Thursday, November 21, 2013

There is an art to everything.

Someone posted to my FB wall another post from It's about 13 skills that are fading from our world. The post is entitled 13 skills your grandparents had that you don't. I know that you have tons of skills that your grandparents didn't have and you could easily replace these 13 with at least 13, if not more, of your own. However, with everything that is gained there is something lost, so consider this post, as a kind of requiem for :

1. Handwriting - clear, legible, beautifully, flowing script. Even with a ballpoint pen, this type of controlled cursive writing says breeding, discipline and refinement. My grandmother wrote her recipes with a straight pen dipped into an inkwell. They looked good enough to eat, even though they were all in German.

2. Memorizing more than two phone numbers. Actually, my grandmother didn't have to memorize phone numbers, she just called the operator and asked to be connected to "the Jones," for example. It was also easier to remember numbers back then. They usually started with a name, such as Hudson, which you knew condensed to HUD- and then there were just 4 numbers to remember. In this respect, life might have been easier back then, except that you only called people to chat, when all the laundry had been pegged out :)

3. How to use a phone book. I could easily pass on this one, however, it was fun to look at all the people in the phone book with the same surname as yours or to try and find the number of that cute new student in school. I had a friend with an unusual last name, "Fatum." When Jack travelled, he would look up all the Fatum's in the book, where he was and call them to have a chat. I guess that you could do this on FB just as easily and you wouldn't have to travel very far :)

4. Basic car maintenance. My grandmother couldn't drive. My mother could, but I know that she would never have changed a tire. My father used to tinker with the cars every once in a while, however, they never really ran well, after his tinkering :)  I don't belong to the Canadian equivalent of AAA. The few times that I have had car trouble on the road, I have had Good Samaritans, stop and come over to help. Now what might be disappearing is opportunities for Good Samaritans!

Better Car Maintenance

5. Basic home maintenance. OK I still change light bulbs. I can bleed my radiators, turn off the water in the house, change a fuse, if I can find the fuse box :) and clean the coils of the fridge. I do not have to fire up a coal furnace, ignite a pilot light that has gone out or plane a door that sticks in hot weather. In fact we have a running list for a handyman who comes in once or twice a year to do all these odd jobs that neither my husband nor I can. Yes, I may have to live with a dripping tap for a few months, even if I can change a washer or two.

6. The ability to read and use a handheld map. One of my claims to fame was that I could manipulate an accordion style paper map and get the family from A to B quickly and in one piece. I was the navigator, while my husband drove. I know that there were people out there who could read a paper map, but not fold it up neatly, when finished. Then there were others who couldn't tell north from south. They rarely left home :)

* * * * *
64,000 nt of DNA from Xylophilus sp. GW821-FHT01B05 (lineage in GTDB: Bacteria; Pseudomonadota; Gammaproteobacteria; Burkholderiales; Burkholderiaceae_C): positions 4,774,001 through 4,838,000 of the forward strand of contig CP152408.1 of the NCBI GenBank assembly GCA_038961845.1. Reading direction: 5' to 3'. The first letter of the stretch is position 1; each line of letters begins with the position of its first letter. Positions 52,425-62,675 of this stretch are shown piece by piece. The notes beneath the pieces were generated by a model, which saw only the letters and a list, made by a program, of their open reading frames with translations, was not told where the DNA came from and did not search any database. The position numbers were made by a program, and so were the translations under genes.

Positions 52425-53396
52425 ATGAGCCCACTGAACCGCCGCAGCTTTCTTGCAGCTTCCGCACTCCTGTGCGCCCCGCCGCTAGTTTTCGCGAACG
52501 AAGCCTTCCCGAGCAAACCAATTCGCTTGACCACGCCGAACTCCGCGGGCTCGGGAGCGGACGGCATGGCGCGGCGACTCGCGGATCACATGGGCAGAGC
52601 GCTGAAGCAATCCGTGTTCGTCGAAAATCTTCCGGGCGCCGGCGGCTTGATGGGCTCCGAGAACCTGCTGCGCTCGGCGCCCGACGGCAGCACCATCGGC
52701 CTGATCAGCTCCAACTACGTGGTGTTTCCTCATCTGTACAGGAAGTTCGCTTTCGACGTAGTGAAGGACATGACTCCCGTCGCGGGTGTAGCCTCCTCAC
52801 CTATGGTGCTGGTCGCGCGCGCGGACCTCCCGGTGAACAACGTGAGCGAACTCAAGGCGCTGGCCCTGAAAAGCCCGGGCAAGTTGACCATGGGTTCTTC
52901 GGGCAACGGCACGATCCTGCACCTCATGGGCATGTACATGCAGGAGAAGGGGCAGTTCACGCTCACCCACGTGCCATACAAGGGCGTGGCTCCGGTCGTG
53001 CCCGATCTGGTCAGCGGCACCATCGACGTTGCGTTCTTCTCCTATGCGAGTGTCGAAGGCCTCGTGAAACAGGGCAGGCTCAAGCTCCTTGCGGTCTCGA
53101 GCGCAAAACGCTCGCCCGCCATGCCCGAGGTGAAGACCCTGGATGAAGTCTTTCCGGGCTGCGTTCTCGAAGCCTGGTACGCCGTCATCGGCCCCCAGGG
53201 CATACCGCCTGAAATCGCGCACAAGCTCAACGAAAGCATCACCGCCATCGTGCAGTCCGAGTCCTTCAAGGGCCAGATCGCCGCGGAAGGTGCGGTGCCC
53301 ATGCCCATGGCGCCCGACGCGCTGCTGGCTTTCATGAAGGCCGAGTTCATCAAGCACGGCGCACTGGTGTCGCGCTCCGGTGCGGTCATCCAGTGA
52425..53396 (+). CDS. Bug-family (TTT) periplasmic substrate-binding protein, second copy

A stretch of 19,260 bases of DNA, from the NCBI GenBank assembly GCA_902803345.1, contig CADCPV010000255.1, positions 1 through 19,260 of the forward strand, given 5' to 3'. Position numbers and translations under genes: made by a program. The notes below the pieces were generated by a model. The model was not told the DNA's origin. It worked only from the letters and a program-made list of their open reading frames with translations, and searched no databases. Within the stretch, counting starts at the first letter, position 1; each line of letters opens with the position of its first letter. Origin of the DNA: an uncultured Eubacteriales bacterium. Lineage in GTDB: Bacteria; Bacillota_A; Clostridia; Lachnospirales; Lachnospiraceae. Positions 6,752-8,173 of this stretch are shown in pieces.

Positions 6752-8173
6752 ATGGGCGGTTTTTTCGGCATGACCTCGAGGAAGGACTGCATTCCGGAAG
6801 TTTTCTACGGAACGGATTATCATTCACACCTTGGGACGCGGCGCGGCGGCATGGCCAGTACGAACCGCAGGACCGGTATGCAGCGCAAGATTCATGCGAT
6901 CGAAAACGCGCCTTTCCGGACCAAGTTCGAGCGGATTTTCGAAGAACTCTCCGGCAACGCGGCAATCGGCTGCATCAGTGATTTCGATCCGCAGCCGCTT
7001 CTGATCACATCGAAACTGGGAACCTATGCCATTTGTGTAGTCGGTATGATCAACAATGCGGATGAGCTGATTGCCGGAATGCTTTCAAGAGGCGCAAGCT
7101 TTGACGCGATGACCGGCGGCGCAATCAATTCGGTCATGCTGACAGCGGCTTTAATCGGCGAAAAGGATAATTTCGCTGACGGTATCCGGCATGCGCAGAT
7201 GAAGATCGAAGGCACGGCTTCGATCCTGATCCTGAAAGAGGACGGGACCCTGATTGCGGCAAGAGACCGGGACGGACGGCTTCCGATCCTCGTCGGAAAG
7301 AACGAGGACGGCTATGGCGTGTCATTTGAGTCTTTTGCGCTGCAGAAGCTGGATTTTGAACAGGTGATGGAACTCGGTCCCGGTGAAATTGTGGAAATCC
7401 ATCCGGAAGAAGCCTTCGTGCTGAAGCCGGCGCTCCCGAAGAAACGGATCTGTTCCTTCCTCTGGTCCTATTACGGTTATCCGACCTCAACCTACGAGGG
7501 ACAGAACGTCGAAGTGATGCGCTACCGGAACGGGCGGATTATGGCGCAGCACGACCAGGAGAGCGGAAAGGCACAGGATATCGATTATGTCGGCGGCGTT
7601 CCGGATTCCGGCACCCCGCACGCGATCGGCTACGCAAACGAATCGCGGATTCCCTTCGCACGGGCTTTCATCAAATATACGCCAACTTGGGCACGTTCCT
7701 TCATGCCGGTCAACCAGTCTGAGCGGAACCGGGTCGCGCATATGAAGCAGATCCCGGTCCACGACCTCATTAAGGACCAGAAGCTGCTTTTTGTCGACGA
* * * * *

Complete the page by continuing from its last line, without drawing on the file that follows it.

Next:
7. Knowing how to tie multiple types of knots. This is a great skill. I think that it's a little like writing those patches of code that keep things neat and tidy on a website. A lot of people took great pleasure in knowing that they could tie the perfect reef knot. I am still fascinated with the round turn and two half hitches. It really does tether things. This had to have been an ultra nerdy activity, back when nerds were called squares or something like that. You could be knotty without being naughty :)

8. You learned how to sew in school, if you were not taught at home. You knew how to write cheques, because people accepted them, back then. Most people lived in houses with gardens and had a relative that worked a farm, so you got to spend time picking berries, feeding chickens, and mucking out stalls. With more people living in condos and more farms becoming huge conglomerates, soon there will be very few of us left that know what a chicken looked like before it had "fingers."

9. Being creative. I lived for many years in what would be considered an impoverished area. There were few parks with swings nearby, however, behind the store, where I lived, was an alley way and beyond the alley was a huge lumber yard. On weekends the "alley kids" built forts in the lumber yard, fashioned swords out of whatever was around and used cardboard in the most inventive ways. We lived in a Narnia of our own making and it was wonderful!

10. Socializing - parties and dances were the highlight of the weekend. Few people could afford to go to concerts or live theatre, so we went to dances, for entertainment and to meet people. Sometimes you got to go to a wedding, with a band and a favourite uncle would teach you how to waltz or do the polka. This was so much more fun than just swaying to the music. I remember going with my grandmother to visit her friends for tea or she would have the minister around for dinner. These were the "good china" occasions and everyone was attentive and on their best behaviour. Cell phones might have made socializing a lost art!!

Have a grand old day!!

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